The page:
Football writing and teaching were always separate entities. Teaching has its rewards, but it’s not really a form of self-expression. (If it is, you are doing it very wrong). I always thought of football writing as a conversation with adults about things I found interesting. Teaching was a conversation with teenagers about factoring.

What it boils down to is that “blogging” became a hobby about a decade ago, and a few hundred thousand people like me decided to become sports bloggers. That’s when the cliché spawned about the dude in his basement in his pajamas, when really it should have been a dude (or woman) with a professional job who is dying for a chance to be a little creative and invest his mind and heart into a pastime. That’s who most of the bloggers who went pro were. That’s who I was.

Your writing is known for humor as well as actual football content. Could you tell me about the funniest story you’ve covered?

The funniest events are the ones which are unintentionally funny. The NFL Players Association scheduled a “meet the rookies” event the day after the 2011 draft, during the NFL lockout. Well, the lockout was lifted hours before the event, so all the rookies rushed to their team headquarters after the draft, because they wanted their playbooks and (probably) wanted to distance themselves from the NFLPA at that moment. All the beat writers went to the mattresses too, so that left about a dozen of us sitting in a hotel conference room as the event organizers desperately searched for people willing to take the podium.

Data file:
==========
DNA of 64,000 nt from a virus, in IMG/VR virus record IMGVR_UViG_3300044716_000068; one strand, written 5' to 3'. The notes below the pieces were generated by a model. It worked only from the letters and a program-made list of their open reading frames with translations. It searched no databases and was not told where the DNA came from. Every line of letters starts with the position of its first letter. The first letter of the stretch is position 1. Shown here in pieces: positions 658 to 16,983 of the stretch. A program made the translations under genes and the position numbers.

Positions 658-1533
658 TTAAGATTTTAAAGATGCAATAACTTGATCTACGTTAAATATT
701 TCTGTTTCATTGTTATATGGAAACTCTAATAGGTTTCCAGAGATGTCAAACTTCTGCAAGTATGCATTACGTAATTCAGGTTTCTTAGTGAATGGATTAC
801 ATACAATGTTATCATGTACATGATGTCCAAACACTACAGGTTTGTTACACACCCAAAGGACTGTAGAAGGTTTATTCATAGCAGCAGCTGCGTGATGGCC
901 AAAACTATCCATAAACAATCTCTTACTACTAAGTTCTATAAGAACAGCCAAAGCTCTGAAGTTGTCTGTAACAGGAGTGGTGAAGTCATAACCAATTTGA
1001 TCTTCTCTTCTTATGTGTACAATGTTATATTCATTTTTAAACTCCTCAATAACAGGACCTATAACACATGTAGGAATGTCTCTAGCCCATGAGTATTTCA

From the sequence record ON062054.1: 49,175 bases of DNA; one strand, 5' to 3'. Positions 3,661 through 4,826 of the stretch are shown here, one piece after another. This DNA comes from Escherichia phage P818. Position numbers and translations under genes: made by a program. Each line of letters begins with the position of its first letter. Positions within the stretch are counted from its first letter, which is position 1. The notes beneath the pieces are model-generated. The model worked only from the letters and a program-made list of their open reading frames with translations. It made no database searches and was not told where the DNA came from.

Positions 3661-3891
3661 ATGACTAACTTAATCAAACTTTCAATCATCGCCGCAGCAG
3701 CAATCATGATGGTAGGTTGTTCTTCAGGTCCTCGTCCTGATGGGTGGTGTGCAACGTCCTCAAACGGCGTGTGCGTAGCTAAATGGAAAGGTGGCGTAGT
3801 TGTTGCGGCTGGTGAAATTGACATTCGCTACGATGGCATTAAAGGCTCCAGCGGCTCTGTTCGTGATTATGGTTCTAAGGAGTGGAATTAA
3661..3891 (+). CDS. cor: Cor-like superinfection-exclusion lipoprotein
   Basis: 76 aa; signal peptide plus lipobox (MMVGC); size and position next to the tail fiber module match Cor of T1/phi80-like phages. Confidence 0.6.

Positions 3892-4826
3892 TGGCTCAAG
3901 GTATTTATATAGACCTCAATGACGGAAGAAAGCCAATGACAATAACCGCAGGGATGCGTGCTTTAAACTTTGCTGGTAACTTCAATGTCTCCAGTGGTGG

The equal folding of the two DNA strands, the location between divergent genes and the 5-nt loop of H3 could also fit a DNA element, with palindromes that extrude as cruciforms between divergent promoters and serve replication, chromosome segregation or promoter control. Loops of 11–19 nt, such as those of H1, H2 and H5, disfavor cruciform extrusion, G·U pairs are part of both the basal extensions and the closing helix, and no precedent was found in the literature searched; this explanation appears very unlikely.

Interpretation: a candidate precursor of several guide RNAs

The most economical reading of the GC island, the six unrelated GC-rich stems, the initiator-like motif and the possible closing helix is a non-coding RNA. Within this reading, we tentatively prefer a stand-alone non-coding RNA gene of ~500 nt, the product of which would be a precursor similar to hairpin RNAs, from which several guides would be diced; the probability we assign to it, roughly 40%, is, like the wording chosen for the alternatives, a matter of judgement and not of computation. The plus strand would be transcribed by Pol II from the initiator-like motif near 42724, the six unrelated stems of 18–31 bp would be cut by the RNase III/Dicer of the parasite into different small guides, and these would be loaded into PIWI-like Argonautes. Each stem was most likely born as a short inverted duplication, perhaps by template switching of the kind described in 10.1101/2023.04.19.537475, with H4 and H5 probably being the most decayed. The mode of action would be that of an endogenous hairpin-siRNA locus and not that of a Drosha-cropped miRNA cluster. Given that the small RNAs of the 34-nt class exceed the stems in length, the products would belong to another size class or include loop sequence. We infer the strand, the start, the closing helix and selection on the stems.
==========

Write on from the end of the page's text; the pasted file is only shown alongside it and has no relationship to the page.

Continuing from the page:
Brad Wolff, the teenaged wunderkind blogger, sat next to me rattling off updates from Twitter: “This rookie says he is at the airport. That one said he is leaving New York on the next train.” Meanwhile, we listened to Muzak and stared at an empty podium. The best part is: the lockout was re-imposed a few hours later, so the whole exercise was moot.

The NFL tries so hard to be hyper-professional now that lots of ironic, awkward comedy seeps out the edges: coaches who fine players for saying anything, innocent remarks blown into scandals, and so on. When the whole sports media is in a serious tizzy about what some Jets cornerback said, it’s my job to show how much funnier the tizzy is than the statement.

What about the most interesting, from a more serious football perspective?

I once got to sit with Ron Jaworski, Greg Cosell, and Aaron Schatz of Football Outsiders as former Redskins and Texans general manager Charley Casserly broke down the responsibilities of a GM on a day-to-day and almost hour-to-hour basis. I am fascinated by the divide between the fan’s perception of what a team executive does (sits with a cigar, his feet on the desk, shouting “starting quarterback for two #1 picks” into a headset) and what executives actually do (process scouting reports, coordinate meetings between coaches and scouts, conduct workouts and interviews for players to fill out the practice squad). That may not be as interesting as the Wildcat offense or a quarterback throwing for 500 yards in a game, but I find it fascinatingly mundane, and it informs my opinions on how teams build and prepare for a season.